AUSTIN, Texas (AP) — The NCAA waited nearly a year to issue a warning that now college athletes can make money and still need to play by the rules Their reputation faded, sparking speculation that there could be a crackdown on the schools and boosters that destroyed them.
But the NCAA isn’t the only law enforcement agency remaining silent as millions of dollars begin to fly around college athletes.
Nearly half of the states, 24 states in total, have laws on compensation for athletes, All this has passed since 2019. Some specifically banned the kind of pay-to-play and recruiting-bait deals that the NCAA still bans and that critics of the new system fear.
However, these states have shown no willingness to question or investigate the schools, their contracts, or the third-party groups that orchestrate them. Even if they did, there is little legal framework for how they would do it.
Texas and Florida, two states with major college football and basketball programs, prohibit fee-paying contracts and use deals to lure recruits to campus. However, neither state has a mechanism in place to investigate or punish schools, organizations or agents found to be in violation.
“A lot of people think the NCAA didn’t act, but it’s the same for the states,” said Darren Heitner, an attorney who helped craft Florida’s law.
Unenforced state bans on pay-to-play and recruiting deals have calmed lawmakers concerned that their favorite college sport is changing, said Heitner, who advocates for athletes’ rights to earn money. But there is no indication that state attorneys general or district attorneys will go after a large university, coaches and wealthy donors if teams bring in top players and win.
Alabama is one state that does have specific penalties in its laws: Anyone who provides compensation to an athlete that disqualifies them faces a potential Class C felony, punishable by up to 10 years in prison.
But Alabama lawmakers repealed the state’s entire college-athlete compensation law earlier this year. The law’s original author called for its repeal because he feared it would put Alabama schools at a disadvantage in admissions compared with rival schools in other states that don’t have similar restrictions.
Arkansas Gives Athletes Some Legal Powers in that state. They could sue their brokers or other third parties who offered or made deals that were later deemed improper, and they were declared ineligible to compete.
Half of the states have no athlete compensation laws.Schools there are only navigable General parameters provided by the NCAA in June 2021 On the eve of the NIL era, wait and see what will execute. The NCAA said at the time that pay-to-play and “perverse inducements” remained off the table, but details were sparse, and hundreds of people made zero deals in the weeks that followed.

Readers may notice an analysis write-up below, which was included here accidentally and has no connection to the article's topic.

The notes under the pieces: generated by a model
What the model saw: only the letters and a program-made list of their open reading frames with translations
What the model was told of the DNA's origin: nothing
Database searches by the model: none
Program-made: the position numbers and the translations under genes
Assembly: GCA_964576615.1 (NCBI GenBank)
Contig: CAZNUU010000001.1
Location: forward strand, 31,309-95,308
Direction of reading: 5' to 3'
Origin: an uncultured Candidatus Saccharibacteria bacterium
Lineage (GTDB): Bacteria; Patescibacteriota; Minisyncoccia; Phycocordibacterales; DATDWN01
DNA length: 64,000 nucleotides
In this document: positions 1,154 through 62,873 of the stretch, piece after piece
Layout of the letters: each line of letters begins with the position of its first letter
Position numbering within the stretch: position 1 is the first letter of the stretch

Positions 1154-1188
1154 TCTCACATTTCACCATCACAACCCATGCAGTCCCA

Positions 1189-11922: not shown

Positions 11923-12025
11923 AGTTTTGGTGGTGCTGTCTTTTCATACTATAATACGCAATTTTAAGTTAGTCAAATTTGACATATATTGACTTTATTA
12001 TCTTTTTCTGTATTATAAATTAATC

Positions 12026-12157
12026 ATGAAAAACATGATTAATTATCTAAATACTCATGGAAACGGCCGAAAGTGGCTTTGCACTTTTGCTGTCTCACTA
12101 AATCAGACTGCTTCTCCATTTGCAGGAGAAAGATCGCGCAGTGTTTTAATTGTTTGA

NCAA finally returns to law enforcement role under new guidance This attempts to clarify the types of contracts and booster engagements that should be considered inappropriate.
Few expected a large-scale crackdown, and the I-level council noted that its focus was on the future.Too many athletes, too many contracts NCAA Enforcement Check them out.
“Enforcement will fall on the NCAA,[but]there’s no way they’re trying to look at thousands of transactions,” said Mitt Winter, a sports law attorney in Kansas City, Missouri.
The NCAA will be more likely to focus on some of the highly publicized deals established through well-known business owners and third-party collectives Has appeared in dozens of schools to pool millions of dollars and connect athletes to business deals.
“It’s positioned so that it has no choice but to try to set an example from the booster or the collective,” Heitner said. “Otherwise, what’s the point? … If it doesn’t, it’s powerless and outdated. It still has a problem, and it knows it’s going to be prosecuted.”
NCAA officials did not immediately respond to requests for comment.
In Texas, the nonprofit Horns With Heart drew attention when it announced a $50,000 NIL deal for all Longhorns Scholarship offensive linebackers to support charities ahead of Football National Signing Day in December. Days later, Texas signed one of the top recruiting classes in the country with a slew of blue-chip offensive linebackers.
Horns With Heart co-founder Rob Blair shrugged off the NCAA’s warning, saying the nonprofit has followed the rules since its inception.
“We realized at the beginning of the NIL era that this Wild West attitude would eventually bring us to moments like this, and that’s why we started to be different,” Blair said in an email. “We have gone above and beyond to ensure that we not only adhere to the letter of the NIL regulations, but we believe we also represent the spirit in which the NIL laws were originally written.”
In addition to NCAA law enforcement officers, university compliance directors — long overseers of athletes and their qualifications — are trying to navigate the changing landscape with vague rules.
Lyla Clerry, Iowa’s senior associate director of athletic compliance, welcomes the NCAA’s reworked guidance on athlete endorsement contracts if it means they will be enforced.
“Honestly, I don’t quite believe I’m going to see this happen,” Clary said, noting that last year was “frustrating” for compliance officers.
“You don’t really know, well, what are we supposed to enforce because what is the NCAA going to enforce? So we can’t keep banging our heads trying to enforce things that aren’t enforced across the country,” Clay said. said. “I don’t know if I’d say it’s operating blindly, but we’re definitely in the dark.”
Associated Press sports writer Eric Olsen contributed to this report.
More AP Sports: https://apnews.com/hub/sports and https://twitter.com/AP_Sports